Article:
Skateboarding is a fun and challenging activity that can be enjoyed by people of all ages. However, in Singapore, there are a number of laws that must be followed in order to skateboard safely and legally. For instance, skateboards must not be ridden on public roads or pavements.
Additionally, skateboarders must wear approved safety gear, such as helmets and elbow and knee pads. Skateboarding is also not allowed in certain public places, such as within 50 meters of a hospital or within 5 meters of a swimming pool. Failure to follow these laws can result in a fine of up to $500. By following the law, skateboarders can help to create a safe environment for everyone to enjoy.
According to the law, skateboarding is only allowed in certain designated areas in Singapore. However, many skateboarders choose to ignore this law and skateboard in other areas of the city.
This often leads to conflict with the authorities, as well as with other members of the public who may not be familiar with skateboarding culture.
In addition, the law prohibits skateboarding in certain types of public places, such as playgrounds and malls. This is because skateboarding can damage property and pose a safety hazard to others.
As a result, skaters who are caught breaking the law can be fined or even arrested. Despite the risks, many skateboarders continue to skateboard in Singapore, attracted by the challenges and thrills that the sport offers.
Are electric skateboards legal in Singapore?
Electric skateboards have been gaining in popularity in recent years, but their legal status is still somewhat unclear. In Singapore, electric skateboards are technically classified as “Personal Mobility Devices” (PMDs), which means that they are subject to the same rules and regulations as other PMDs such as scooters and hoverboards.
This includes a maximum speed limit of 25km/h and a minimum age limit of 16 years. However, there is one key difference between electric skateboards and other PMDs: electric skateboards are not allowed to be used on public roads or paths.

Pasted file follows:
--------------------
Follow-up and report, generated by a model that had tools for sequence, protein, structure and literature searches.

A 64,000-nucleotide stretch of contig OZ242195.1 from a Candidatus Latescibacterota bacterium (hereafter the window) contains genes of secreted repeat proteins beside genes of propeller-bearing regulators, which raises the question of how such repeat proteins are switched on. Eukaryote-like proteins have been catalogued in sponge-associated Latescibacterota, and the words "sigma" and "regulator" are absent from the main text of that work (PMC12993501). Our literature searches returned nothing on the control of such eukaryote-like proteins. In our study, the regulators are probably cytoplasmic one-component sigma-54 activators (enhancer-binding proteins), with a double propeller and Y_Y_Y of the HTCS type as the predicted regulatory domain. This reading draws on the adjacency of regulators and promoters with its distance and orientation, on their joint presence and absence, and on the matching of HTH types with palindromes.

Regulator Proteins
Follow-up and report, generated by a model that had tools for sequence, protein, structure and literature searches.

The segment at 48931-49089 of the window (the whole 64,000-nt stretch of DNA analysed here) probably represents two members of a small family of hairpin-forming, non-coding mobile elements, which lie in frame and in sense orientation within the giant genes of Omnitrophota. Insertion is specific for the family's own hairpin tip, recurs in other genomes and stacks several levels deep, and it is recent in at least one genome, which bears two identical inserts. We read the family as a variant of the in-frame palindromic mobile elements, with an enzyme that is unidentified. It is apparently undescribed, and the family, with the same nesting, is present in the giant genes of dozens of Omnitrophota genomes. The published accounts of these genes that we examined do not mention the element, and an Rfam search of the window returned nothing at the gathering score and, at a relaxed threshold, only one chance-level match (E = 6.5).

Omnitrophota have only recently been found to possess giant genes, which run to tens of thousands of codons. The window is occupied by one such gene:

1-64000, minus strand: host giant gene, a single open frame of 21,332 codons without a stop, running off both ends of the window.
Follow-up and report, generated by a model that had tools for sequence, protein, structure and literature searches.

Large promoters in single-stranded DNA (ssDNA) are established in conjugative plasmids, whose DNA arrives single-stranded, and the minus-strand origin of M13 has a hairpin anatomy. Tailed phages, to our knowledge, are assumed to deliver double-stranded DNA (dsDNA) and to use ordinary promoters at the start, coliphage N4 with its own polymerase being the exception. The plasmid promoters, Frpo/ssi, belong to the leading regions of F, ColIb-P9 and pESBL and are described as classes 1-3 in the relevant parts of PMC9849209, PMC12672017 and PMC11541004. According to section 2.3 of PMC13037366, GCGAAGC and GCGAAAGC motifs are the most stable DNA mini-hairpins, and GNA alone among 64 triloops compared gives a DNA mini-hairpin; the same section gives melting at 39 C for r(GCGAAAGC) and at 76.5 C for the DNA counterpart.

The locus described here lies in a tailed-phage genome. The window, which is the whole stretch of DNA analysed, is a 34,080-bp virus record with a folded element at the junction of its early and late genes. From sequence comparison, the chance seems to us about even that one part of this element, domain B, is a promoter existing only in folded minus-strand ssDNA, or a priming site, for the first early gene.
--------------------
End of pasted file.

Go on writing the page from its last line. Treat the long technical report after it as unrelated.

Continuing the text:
This means that technically speaking, electric skateboards are only legal for use in a private property.
However, enforcement of this rule is often lax, and it’s not uncommon to see electric skateboarders cruising around public parks or even down busy city streets. So while electric skateboards may not be strictly legal in Singapore, they are certainly becoming more and more common.
Where to skateboard in Singapore.
Singapore is a great place to skateboard, with plenty of places to suit all levels of ability. For those just starting out, the Singapore Sports Hub is a good place to start, with smooth surfaces and wide open spaces.
More experienced skateboarders will enjoy the challenges of skating at East Coast Park, where there are plenty of obstacles to navigate.
For those looking for a more extreme skating experience, there is also the option of skateboarding at the Xtreme SkatePark, which features half-pipes and other challenging features. Whichever level you are at, there is sure to be a place in Singapore where you can enjoy your skateboarding.
Conclusion paragraph: While skateboarding is not currently illegal in Singapore, it would be best to heed the warnings of the police and avoid skating in public places.
If you’re looking for a place to skateboard in peace, we suggest heading over to one of Singapore’s many skateparks. With a bit of caution and common sense, you should be able to enjoy some time on your board without any trouble from the authorities.
Just remember to obey all posted signs and regulations when skating in these parks.